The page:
He’s an odd character, and admits to some strange behaviour, but these prosecutions are vindictive, and counter productive, as he has stated. His enemies have turned him into a personality – doh! Will they never learn?

    https://en.wikipedia.org/wiki/Amos_Yee

  5. barriejohn says:

    I think we may have seen his previous video, about Lee Kuan Yew, before, but here is his June offering:

    https://youtu.be/TkW1qMJXd-c

    Can’t see why any Muslims would be upset by that, can you?

    Comments:

    # hey you are gonna get it bitch the isis is gonna come after you they are everywhere even singapore?

    # Hi Amos, I just read you’re to be imprisoned for “hurting the religious feelings” of Christians and muslims, I just wanted to say that regarding Christianity I disagree with pretty much everything you post, but I support your right to say it without consequence! Good luck!?

    # Congrats to you! The Judge finally sentence you to 6 months jail in Singapore, woooow! I’ve been waiting for this verdict for quite some time, so all Muslims/Christians, justice is finally done! You can show all your nipple talent show in the jail, hahaha! Try again insulting the holy scriptures, Allahu Akbar, Hellallujah! How about a pre-jail party? LOL SMH?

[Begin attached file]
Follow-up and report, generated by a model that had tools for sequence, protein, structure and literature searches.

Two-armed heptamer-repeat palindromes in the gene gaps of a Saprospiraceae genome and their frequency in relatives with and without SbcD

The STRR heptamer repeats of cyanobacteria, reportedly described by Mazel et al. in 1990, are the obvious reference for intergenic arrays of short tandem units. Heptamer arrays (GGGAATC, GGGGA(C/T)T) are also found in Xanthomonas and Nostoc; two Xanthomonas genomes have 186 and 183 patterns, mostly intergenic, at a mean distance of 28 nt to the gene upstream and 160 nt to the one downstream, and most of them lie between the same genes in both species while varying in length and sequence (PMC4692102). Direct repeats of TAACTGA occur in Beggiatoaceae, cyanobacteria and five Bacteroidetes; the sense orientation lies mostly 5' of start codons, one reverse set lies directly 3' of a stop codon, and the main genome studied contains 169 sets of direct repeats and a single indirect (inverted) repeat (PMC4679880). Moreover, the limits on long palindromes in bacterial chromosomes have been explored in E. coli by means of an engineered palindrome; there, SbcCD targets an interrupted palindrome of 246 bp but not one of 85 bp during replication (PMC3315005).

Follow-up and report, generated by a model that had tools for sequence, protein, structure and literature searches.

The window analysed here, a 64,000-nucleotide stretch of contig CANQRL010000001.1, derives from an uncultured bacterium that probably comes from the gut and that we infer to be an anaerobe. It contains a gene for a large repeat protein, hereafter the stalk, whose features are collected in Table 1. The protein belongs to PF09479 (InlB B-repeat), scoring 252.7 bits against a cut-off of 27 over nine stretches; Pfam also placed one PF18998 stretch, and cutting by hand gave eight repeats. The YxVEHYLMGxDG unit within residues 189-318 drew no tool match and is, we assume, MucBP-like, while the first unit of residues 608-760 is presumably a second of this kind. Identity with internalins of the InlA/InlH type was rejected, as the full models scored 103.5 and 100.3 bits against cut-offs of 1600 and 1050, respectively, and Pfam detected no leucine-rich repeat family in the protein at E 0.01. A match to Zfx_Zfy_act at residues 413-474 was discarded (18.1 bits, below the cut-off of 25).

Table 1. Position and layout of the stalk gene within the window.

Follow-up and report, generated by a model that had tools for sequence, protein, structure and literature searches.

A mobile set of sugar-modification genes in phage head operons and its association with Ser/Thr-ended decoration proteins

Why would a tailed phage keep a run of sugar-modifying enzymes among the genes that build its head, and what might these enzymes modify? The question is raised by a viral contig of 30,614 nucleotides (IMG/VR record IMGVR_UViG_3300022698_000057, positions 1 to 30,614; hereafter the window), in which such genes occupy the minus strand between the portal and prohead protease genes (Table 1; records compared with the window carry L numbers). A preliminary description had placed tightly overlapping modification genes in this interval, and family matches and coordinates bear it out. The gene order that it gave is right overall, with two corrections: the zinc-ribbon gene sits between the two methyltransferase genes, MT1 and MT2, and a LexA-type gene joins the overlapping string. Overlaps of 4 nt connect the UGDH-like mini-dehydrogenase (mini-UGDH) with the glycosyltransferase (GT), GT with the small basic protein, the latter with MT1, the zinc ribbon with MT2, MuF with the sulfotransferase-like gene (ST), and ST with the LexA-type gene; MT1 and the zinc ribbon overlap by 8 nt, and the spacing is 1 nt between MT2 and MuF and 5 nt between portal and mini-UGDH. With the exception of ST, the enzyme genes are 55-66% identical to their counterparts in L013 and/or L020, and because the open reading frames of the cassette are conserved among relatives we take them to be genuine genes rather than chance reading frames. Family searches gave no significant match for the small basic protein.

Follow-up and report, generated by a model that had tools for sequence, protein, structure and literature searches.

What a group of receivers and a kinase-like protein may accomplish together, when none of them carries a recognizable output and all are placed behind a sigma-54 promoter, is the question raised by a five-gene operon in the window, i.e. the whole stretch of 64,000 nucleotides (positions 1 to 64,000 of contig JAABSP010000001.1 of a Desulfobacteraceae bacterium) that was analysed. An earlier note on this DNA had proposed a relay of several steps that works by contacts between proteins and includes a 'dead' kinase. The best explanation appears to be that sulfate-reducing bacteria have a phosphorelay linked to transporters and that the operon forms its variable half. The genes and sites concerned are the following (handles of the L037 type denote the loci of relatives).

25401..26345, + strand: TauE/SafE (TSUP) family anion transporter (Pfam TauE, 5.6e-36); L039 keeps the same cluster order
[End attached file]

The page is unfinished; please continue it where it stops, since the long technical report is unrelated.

6. Cali Ron says:

    barriejohn;: The comments really illustrate the loving, open mindedness and tolerance of the religious. Definition of hypocrisy -the religious.

  7. Laura Roberts says:

    @TrevorBlake: precisely what I was thinking. I guess these authorities think it’s far better to continue to allow contradictory, obsolete religious texts to foment religious violence than to allow anyone to poke fun at Jesus, Mohammed, Yaweh or Allah.

  8. Paul says:

    Regarding the comments made by the religious against this young man – those are rightly harmful and many if said in the street would result in an arrest for threatening words and behaviour and conduct likely to cause a breach of the peace.
    How is it hurtful to say a belief (not a fact or truth) doesn’t exist. This bit I never understand and I never understand why we create laws to protect the non existent. It is wholly illogical.

  9. Newspaniard says:

    A MONTH LONG trial of a 17 year old for abusing the religion of peace and the religion of child molesters? Something wrong with that justice system.